Operator: Thank you. [Operator Instructions] And our first question comes from the line of Arun Jayaram with JPMorgan Securities. Your line is open. Please go ahead.

Arun Jayaram: Yes, good morning, gentlemen. I wanted to get your thoughts on -- you gave us some outlook comments on 1Q. But Clay, you mentioned, revenue growth for NOV has been really, really strong relative to the Big 3, yet margin gains have lagged. And so I wanted to see if you could give us thoughts on how margins could trend in 2024, just given how the revenue uptick has been quite strong? And perhaps you can give us a sense of what type of margins do you see in your backlog versus what you printed in 2023, which I think you did a 12.5% EBITDA margin consolidated in 4Q, just under 12% for the full year?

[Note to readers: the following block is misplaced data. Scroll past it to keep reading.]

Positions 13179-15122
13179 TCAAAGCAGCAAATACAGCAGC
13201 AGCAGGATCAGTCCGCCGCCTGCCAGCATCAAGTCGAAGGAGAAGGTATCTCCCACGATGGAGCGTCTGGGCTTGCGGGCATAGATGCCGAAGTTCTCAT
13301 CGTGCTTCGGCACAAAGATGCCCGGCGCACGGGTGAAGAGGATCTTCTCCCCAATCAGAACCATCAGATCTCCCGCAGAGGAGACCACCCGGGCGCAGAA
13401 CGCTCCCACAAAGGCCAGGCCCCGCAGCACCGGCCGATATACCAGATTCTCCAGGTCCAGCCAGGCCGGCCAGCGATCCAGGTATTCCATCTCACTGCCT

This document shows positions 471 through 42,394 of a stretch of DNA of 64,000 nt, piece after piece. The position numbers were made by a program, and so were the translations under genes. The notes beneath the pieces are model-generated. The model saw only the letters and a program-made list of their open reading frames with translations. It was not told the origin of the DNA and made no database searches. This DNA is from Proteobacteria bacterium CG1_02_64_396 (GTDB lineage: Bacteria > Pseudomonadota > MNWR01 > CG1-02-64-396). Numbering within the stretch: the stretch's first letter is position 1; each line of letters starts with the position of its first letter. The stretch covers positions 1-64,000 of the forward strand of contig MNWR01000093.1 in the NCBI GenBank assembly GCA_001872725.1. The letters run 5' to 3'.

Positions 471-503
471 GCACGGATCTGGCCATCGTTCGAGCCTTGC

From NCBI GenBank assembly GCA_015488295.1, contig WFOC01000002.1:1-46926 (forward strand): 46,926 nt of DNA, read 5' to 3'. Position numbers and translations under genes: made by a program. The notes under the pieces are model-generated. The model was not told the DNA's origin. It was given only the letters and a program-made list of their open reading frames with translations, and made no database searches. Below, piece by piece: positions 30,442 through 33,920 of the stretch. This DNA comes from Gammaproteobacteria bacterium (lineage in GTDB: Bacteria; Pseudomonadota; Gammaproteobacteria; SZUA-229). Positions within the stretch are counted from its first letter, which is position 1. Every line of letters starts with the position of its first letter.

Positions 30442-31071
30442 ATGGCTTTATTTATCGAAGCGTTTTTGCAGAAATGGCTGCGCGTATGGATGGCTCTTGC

Clay Williams: Yes, it's a good question, Arun. And I appreciate it. Obviously, we've been very focused on margins and leverage here for quite some time. Taking a lot of costs out since 2019, and more planned for -- as we get into 2024. But we faced a lot of headwinds with respect to supply chain disruptions more so than, I think, anybody else in oilfield services along with inflation. And so a lot of kind of headwinds against our battle to push margins up. Nevertheless, we've made good progress, made good progress again in 2023 when margins in the first quarter were a touch below 10% and finishing up, as you point out, at 12.5% EBITDA margins in Q4. Looking forward to 2024, we expect that to continue. The normalization of supply chain is going to help a lot. Inflation appears to be calming down a bit, at least here in the United States, and I think that's going to help a lot. We've been adding accretive work to our backlogs. We ended up with some large frame agreements and things that were signed in the depths of the pandemic that inflation took a much bigger toll on. And so we're quarter-by-quarter working through that stuff. And so I think that all points to improving margin performance as we kind of work our way through 2024. The other part of my answer would be around some of the new products and technologies and things that we have going on. You're -- I know very familiar with what we're doing in renewables, for instance, with these new products and technologies. So there's a lot of -- and it's not terribly material overall, but it does add up a lot of sort of start-up costs around things that we're doing in carrying. And for instance, our Keystone Tower Systems business. Very excited about that. It could be hugely transformational in the wind tower space. But there are quarter-by-quarter start-up costs that we carry with that. So, nevertheless, it's not lost on us. We can do better on leverage and margins. Very focused on that. And it all starts with the top line, and now we're focused on translating that really strong top line growth that we have been putting up into better profitability for our shareholders.